Where everybody knows your name, Chris Rock Tavern for 61 years

Posted on April 26, 2024 | By Alexander Chafe | 0 Comments



Founders Chris Shaban and Charles Frederick “Rocky” Stone inside Chris Rock Tavern (photo credit: Chris Rock Tavern)

The oldest operating tavern in New Brunswick, Chris Rock Tavern sees generations of regulars through its doors, most of whom are greeted by name. Dating back over 60 years, not much has changed at many Monctonians’ favourite watering hole. Its commitment to tradition and people keeps its loyal followers coming back for their usual pint and good eats.

Early days

In the early 1960s, new liquor license regulations allowed the sale and consumption of alcohol in restaurants and bars. This inspired Chris Shaban and Charles Frederick “Rocky” Stone to build one at 48 Albert Street in Moncton, N.B. Chris Rock Tavern first opened its doors on February 12, 1963. It was the third beverage room in the province and is now the longest operating, says current owner and operator James Boushel. With locally brewed Moosehead beer on tap since day one, it’s rumoured that Mr. Oland himself installed the tavern’s first draft beer lines.

As was part of the times, only men were allowed inside the tavern in the early days. Hours were 11 a.m. – 6:15 p.m. and 7:30-10:45 p.m. The hour break in between allowed everyone time to go home for supper with their family.


A photo of Chris Rock Tavern being built at 48 Albert Street in 1962 (photo credit: Tom Bougeois, researched & framed by Pete Prosser)

Changing hands

Over time, women were welcomed into the establishment and the tavern added a menu of freshly made (never frozen) comfort food. In the early 1970s, Shaban and Stone sold their namesake tavern and the Wolfe family eventually took ownership for over 30 years.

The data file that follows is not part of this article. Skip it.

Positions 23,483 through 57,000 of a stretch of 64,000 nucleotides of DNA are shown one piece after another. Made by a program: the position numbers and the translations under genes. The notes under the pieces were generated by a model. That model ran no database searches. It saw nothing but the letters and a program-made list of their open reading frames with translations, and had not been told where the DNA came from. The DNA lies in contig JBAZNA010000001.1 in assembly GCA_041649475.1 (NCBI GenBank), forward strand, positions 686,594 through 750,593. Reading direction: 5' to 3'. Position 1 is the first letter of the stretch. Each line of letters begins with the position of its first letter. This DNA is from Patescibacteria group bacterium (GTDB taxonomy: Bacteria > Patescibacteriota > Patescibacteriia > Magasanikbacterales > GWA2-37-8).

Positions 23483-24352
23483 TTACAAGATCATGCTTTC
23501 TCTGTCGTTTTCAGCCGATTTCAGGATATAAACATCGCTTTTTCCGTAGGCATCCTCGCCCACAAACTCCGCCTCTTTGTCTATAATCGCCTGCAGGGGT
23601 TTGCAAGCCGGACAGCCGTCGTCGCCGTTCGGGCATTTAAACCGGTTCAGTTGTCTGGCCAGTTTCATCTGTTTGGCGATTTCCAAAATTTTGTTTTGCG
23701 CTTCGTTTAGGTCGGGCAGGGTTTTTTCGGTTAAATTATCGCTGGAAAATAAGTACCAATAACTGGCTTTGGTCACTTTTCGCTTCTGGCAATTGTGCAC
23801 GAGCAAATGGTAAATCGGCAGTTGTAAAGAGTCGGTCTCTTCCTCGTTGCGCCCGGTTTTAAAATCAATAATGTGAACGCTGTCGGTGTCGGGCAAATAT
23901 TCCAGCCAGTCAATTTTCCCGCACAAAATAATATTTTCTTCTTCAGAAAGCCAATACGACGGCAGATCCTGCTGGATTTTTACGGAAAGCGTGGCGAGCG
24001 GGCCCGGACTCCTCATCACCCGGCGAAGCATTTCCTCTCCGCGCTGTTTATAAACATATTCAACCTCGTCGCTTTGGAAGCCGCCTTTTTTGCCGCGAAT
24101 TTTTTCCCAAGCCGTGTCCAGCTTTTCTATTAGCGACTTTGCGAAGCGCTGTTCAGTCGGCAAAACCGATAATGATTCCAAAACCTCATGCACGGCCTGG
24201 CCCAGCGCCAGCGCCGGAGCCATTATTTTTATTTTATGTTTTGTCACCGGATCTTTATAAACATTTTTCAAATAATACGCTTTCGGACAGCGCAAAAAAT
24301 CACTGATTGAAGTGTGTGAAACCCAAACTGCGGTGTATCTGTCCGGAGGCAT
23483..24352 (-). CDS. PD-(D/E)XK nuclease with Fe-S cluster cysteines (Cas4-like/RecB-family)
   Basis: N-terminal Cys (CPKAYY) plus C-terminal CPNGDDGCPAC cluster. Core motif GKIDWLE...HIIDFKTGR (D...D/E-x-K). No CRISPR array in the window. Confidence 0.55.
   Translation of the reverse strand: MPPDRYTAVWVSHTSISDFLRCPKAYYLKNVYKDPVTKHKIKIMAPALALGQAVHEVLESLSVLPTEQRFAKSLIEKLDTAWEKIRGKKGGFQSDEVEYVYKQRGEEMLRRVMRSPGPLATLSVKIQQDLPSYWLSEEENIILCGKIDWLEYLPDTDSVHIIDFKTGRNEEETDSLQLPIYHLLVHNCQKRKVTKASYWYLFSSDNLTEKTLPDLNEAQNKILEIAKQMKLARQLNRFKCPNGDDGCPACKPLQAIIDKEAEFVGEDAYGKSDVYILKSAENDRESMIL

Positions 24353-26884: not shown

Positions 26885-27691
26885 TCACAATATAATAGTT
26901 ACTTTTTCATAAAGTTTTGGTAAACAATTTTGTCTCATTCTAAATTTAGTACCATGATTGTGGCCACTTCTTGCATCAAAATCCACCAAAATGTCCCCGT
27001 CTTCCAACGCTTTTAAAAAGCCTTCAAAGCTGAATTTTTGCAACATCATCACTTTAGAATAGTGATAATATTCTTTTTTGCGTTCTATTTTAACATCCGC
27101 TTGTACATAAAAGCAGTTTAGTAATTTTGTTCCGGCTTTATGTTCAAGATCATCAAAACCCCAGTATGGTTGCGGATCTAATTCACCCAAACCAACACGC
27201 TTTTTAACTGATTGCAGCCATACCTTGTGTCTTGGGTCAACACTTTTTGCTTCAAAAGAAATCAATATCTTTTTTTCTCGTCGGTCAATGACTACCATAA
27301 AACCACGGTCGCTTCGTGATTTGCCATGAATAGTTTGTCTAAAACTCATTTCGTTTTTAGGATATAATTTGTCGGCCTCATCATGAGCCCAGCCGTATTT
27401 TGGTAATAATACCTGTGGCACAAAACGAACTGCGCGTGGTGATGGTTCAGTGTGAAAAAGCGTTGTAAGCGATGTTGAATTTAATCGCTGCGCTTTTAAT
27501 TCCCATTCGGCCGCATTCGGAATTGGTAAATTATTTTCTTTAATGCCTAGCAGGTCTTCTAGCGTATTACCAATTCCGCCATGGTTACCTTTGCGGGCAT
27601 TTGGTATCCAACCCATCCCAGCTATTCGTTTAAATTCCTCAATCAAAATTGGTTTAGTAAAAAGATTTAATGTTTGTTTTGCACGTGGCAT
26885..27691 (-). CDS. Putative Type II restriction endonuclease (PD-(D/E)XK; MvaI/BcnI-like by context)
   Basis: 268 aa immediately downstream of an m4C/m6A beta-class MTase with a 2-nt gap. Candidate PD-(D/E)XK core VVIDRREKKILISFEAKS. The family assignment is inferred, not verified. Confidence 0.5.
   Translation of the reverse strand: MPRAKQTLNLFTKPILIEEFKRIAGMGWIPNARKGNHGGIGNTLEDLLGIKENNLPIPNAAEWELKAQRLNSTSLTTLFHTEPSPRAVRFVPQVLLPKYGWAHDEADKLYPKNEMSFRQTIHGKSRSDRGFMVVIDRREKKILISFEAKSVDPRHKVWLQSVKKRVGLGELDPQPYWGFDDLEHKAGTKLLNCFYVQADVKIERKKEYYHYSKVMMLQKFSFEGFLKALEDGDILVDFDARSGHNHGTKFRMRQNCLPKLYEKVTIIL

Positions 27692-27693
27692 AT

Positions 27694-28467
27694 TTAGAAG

James Boushel began working at Chris Rock Tavern as a university student. Although he later moved on to other things, Boushel remained close to Wayne Wolfe and continued to gain experience in the restaurant industry. In 2018, Boushel received a call asking if he wanted to take over the tavern; it was a dream come true. He says the Wolfe family wanted someone who’d maintain the integrity of the business.

After officially becoming the owner of his favourite tavern, Boushel made one major change — replacing handwritten chits with a proper computerized point-of-sale system. While there was some initial hesitancy, all employees have gratefully embraced the new ordering system.


A view inside Chris Rock Tavern in the early years (photo credit: Chris Rock Tavern)

A second home

Loyal customers and employees are what Boushel credits to the success of Chris Rock Tavern. “Our regulars and staff have kept us going, many of whom treat this place like a second home. I can’t stress enough how important both are, they’re the lifeblood of this place and we’re nothing without them.”

Boushel says he has an uncle who came to Chris Rock Tavern on opening day and still comes in regularly for a couple of beers over 60 years later.


A modern exterior shot of Chris Rock Tavern (photo credit: Chris Rock Tavern)

Keeping on

Today, operations continue as usual at Chris Rock Tavern at 48 Albert Street. The reliable, welcoming atmosphere is where generations of regulars go for a casual drink and conversation with old friends.

When asked about the future, Boushel commented: We’re not necessarily looking for the next thing. We just want to keep on keeping on.”

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